The message is clear: The DOL will scrutinize employers’ use of LLCs and franchises as tools to avoid paying wages, taxes, benefits, and other obligations associated with designating workers as employees. Consider the ramifications of using sham business entities to avoid classifying workers as employees.
Consequences of misclassification
Employers should endeavor to properly classify their workers. What may seem like an effective strategy for avoiding payroll taxes, employee benefits costs, unemployment insurance costs, workers’ comp insurance, and vicarious liability may become a nightmare. Often, employers do not fully appreciate the consequences of misclassification.
Misclassification can result in financial liability, legal claims, employee relations problems, and administrative headaches. Employees’ classification may be challenged by the IRS, state tax agencies, the Equal Employment Opportunity Commission (EEOC), state antidiscrimination agencies, the DOL’s Wage and Hour Division (WHD), workers’ comp agencies, U.S. Immigration and Customs Enforcement (ICE), unemployment compensation agencies, wage agencies, third parties asserting claims against the employer, contractors asserting claims against the employer, or misclassified employees.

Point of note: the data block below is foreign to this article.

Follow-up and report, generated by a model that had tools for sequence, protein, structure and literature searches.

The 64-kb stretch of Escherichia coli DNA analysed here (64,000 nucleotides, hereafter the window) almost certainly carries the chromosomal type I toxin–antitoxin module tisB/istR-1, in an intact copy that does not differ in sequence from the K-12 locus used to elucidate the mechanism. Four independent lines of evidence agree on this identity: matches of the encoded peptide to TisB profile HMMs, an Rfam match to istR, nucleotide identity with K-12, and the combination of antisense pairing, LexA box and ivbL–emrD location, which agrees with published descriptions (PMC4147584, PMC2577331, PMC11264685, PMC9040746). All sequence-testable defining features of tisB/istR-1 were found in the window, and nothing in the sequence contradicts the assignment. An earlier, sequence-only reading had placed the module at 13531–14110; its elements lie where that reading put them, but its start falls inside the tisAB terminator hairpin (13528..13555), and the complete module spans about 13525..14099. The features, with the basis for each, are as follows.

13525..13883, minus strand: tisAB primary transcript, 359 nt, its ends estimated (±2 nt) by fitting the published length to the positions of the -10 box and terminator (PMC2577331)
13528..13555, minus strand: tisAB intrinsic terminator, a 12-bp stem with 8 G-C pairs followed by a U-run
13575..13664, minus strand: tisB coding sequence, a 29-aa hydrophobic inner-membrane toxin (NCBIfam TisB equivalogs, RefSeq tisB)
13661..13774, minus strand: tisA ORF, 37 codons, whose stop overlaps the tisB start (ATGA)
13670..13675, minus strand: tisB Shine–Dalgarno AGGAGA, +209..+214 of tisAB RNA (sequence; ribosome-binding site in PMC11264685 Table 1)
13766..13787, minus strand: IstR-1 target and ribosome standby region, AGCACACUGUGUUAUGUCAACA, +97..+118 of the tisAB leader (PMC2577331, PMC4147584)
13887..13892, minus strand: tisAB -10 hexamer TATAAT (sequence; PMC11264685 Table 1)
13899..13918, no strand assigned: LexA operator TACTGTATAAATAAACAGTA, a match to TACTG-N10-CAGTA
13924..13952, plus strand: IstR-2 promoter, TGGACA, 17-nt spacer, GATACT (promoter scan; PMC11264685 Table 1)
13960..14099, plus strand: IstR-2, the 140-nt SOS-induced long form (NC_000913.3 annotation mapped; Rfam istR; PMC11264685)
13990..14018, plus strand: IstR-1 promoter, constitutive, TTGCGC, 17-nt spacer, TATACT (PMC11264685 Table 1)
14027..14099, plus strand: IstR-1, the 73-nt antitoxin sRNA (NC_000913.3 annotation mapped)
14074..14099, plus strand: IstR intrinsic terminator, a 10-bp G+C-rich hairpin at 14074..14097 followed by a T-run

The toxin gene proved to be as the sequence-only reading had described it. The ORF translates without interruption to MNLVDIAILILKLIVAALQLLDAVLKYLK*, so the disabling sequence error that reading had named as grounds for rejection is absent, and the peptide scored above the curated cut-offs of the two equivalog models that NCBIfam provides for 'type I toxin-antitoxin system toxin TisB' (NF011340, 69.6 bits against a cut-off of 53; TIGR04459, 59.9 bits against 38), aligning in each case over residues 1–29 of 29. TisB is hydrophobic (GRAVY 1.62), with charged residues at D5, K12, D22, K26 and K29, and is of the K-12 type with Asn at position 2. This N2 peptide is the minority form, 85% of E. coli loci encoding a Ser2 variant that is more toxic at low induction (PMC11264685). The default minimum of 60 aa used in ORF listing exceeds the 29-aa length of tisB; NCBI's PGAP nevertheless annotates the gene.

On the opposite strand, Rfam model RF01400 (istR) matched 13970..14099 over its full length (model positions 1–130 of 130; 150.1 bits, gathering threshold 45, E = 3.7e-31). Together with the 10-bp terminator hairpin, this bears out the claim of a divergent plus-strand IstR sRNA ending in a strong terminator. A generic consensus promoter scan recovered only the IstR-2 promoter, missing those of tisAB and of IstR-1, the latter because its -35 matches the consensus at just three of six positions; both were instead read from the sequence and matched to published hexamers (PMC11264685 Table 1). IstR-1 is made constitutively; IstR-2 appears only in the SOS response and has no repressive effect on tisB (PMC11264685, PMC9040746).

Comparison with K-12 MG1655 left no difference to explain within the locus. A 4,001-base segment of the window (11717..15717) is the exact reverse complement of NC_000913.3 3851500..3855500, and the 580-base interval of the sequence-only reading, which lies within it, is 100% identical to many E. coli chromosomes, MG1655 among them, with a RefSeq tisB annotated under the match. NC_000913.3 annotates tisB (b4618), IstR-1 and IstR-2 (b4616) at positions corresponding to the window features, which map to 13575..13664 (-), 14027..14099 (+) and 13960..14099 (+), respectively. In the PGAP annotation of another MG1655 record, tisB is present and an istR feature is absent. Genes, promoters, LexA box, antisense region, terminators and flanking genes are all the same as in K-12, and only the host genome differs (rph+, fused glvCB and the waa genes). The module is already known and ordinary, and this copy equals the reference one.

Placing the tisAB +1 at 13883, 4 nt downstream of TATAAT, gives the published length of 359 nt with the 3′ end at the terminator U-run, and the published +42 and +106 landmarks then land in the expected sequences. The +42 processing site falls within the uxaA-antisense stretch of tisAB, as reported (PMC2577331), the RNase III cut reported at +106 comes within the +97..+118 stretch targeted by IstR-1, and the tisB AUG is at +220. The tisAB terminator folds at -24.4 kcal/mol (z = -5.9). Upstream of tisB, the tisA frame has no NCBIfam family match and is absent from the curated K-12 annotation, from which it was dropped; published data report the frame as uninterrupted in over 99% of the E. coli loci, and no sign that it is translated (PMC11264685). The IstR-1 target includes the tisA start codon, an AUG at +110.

Reclassification of employees may result in unpaid income, Social Security, and unemployment taxes, interest on unpaid taxes, and penalties. Reclassification may result in an employer owing past workers’ comp insurance premiums and unpaid overtime compensation, which may be accompanied by liquidated damages, interest, costs, and attorneys’ fees. There may be immigration consequences for failing to complete I-9 forms and not using E-Verify. Further, employees may be retroactively entitled to health insurance and other benefits, including accrued vacation or sick leave.